Georgia Rescuers Need Help With Former Dewy Rose Foster Dogs

Thanks to this update fromThe Northeast Georgian on the former Dewy Rose dogs! Alto residents asking for help with rescued dogs By Gabby Pitts Steve...


Gabby Shi and Bear.jpg

Thanks to this update fromThe Northeast Georgian on the former Dewy Rose dogs!

Alto residents asking for help with rescued dogs

By Gabby Pitts

Steve and Betsy Shi of Alto have brought a little piece of a Dewy Rose dog sanctuary home with them – six dogs and one cat.

But, the Shis need help, especially with socialization and exercise of the animals, and eventually, the animals will need to be adopted.

“We’re in desperate need for people to come out and interact with these animals,” said Betsy Shi.

Since aiding the Kat 5 Animal Rescue in a rescue project in Dewy Rose involving a cruelty hoarding case against the owners of a dog sanctuary in the late months of 2006, the Shis were just not able to forget about the dogs left behind at the sanctuary. At one point, more than 100 dogs were at the sanctuary, but with the help of Kat 5, all but 13 of the dogs were relocated to shelters. About half of the relocated dogs have been adopted, Shi said.

“We keep getting updates [that the dogs are being adopted],” said Shi. “That’s encouraging to us.”

After Kat 5 left the premises in late November, all but eight of the dogs were without a home. One of the only options left was to temporarily place the dogs in the care of Kat 5 co-founder Larry Roberts. Roberts, himself, runs a horse rescue program in Georgia and the dogs would be located to that facility. However, the problem with that, Shi said, is that the dogs would be in 10-by-10 enclosures in the middle of a field, exposed to the weather.


“They’d have no heat and no socialization,” said Shi.

With that undesirable option weighing heavily on their minds, Shi and her husband came home one night after dinner and thought, “What can we do?”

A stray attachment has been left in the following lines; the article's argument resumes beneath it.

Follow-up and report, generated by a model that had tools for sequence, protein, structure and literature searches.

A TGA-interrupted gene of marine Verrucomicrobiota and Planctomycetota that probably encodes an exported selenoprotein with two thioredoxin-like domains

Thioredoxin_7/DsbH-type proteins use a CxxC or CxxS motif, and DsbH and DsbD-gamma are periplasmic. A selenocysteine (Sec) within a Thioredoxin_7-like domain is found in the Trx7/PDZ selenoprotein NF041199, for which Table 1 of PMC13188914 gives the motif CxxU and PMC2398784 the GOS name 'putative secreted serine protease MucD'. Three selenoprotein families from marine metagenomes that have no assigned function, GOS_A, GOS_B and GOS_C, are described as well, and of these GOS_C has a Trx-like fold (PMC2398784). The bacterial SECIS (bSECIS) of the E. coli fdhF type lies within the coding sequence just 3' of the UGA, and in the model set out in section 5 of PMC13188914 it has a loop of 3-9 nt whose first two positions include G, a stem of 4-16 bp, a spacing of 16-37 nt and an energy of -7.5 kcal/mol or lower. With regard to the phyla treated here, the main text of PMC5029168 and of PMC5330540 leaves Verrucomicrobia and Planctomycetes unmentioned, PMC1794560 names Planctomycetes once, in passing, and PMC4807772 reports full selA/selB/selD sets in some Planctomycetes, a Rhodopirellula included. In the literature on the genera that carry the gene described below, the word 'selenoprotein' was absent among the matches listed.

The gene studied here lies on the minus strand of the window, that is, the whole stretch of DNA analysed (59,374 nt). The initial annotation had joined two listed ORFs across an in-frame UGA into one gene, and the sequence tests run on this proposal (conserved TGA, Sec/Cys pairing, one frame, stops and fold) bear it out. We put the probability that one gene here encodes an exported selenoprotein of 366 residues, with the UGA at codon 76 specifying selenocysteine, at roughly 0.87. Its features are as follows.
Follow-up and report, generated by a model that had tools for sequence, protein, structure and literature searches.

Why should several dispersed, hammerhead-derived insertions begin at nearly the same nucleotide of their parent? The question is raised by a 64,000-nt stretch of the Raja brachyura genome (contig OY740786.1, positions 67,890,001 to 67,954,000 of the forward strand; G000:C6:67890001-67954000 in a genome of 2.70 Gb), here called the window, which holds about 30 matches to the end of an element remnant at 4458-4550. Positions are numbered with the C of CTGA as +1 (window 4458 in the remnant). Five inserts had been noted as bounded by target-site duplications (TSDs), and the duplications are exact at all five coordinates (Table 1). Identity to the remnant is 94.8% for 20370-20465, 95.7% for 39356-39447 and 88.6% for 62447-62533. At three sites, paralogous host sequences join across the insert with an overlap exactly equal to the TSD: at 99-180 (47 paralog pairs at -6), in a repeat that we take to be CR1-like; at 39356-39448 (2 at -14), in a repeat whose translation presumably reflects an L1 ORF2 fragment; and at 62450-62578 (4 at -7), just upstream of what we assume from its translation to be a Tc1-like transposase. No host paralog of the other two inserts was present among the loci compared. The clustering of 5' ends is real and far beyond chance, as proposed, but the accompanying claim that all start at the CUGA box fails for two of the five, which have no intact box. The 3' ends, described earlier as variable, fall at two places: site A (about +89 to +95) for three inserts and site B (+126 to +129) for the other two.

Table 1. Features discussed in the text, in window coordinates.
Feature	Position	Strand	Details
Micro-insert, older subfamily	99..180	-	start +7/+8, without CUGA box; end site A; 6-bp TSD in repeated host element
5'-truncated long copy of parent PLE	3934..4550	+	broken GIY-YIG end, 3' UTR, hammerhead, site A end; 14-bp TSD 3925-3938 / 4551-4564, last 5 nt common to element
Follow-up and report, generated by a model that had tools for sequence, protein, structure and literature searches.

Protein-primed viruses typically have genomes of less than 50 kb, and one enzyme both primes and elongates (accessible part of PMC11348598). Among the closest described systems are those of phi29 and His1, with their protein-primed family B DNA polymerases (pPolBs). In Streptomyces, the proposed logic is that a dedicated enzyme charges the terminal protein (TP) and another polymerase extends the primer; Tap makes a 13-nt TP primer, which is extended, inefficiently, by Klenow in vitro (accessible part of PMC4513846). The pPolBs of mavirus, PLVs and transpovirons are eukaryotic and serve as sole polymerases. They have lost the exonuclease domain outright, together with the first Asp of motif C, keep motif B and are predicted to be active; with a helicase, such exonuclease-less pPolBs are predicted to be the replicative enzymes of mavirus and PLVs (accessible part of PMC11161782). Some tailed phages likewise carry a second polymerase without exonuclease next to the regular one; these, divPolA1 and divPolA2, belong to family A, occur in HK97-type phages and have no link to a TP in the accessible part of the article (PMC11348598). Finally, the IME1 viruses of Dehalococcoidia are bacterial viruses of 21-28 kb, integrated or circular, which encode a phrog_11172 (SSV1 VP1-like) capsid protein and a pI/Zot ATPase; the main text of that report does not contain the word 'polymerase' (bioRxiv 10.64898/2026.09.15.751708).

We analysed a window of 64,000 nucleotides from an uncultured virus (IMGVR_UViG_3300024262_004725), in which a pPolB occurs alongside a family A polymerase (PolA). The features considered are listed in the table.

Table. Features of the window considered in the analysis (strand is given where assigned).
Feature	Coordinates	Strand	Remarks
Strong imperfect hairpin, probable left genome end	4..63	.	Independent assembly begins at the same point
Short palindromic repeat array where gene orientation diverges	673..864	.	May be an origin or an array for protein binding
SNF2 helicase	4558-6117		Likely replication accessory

The Shis came up with a plan to clean out their basement and add four kennels to it in order to house the remaining dogs.

Four dogs – Miles, Bronson, Whiskey and Tanner – since have found a temporary home in the Shis’ basement, along with animals the Shis already had brought home from the shelter, dogs Julie and Bear and cat Dewy, as well as the Shis’ four dogs.


Since coming to the Shis’ home, the dogs have been visited by an animal behaviorist, who concluded that the last of the dogs left at the Dewy Rose dog sanctuary are fearful of things being thrown at them and male interaction, among other things. However, the behaviorist also said the dogs are happy at the Shis’ place.

The Shis, with the help of Kat 5, are working to get power of attorney over the other four dogs, who are currently being held at a veterinary office. Betsy Shi hopes that when they’re released they also will come to her home.

But, most importantly, she hopes that members of the community will donate their time to socializing with the dogs and walking them.

“Dogs are not like people,” said Shi. “They need to walk every day, so they need to get as much walking in as possible.”

She said with all the dogs they’ve got to walk, she and her husband can’t walk the dogs more than once a day. They currently are taking the dogs on morning walks, so volunteers walking the dogs in the afternoon would help greatly. But, Shi said, she and her husband are also flexible, if someone would prefer to walk the dogs in the morning.


However, she does request one thing for volunteers to walk the dogs.

“They need to be sure to bring waterproof boots and dress appropriately for the weather,” said Shi.

Those who would like to simply sit with the dogs can have access to the Shis’ WiFi hookup. This, Shi hopes, will attract college students, who can get schoolwork done while sitting with the dogs.

Those who volunteer also can aid the Shis in tracking the progress of each dog on their database. Steve and Betsy Shi’s son, Wes, built the database just for that purpose.

Betsy Shi hopes that the information collected on the database will be useful to persons who adopt the dogs.

Shi recommends that each of the animals be adopted into a home with other animals, especially for the dogs, which have a pack mentality and learn from the behavior of other dogs. She also recommends that the dogs, which still are very fearful, be adopted into a home with patient people who understand dog behavior.

To find out how you can help, call Steve and Betsy Shi at (706) 677-3905.

To view photos of the dogs, follow this link.

To view full descriptions of Bronson, Miles, Whiskey and Tanner, follow this link.

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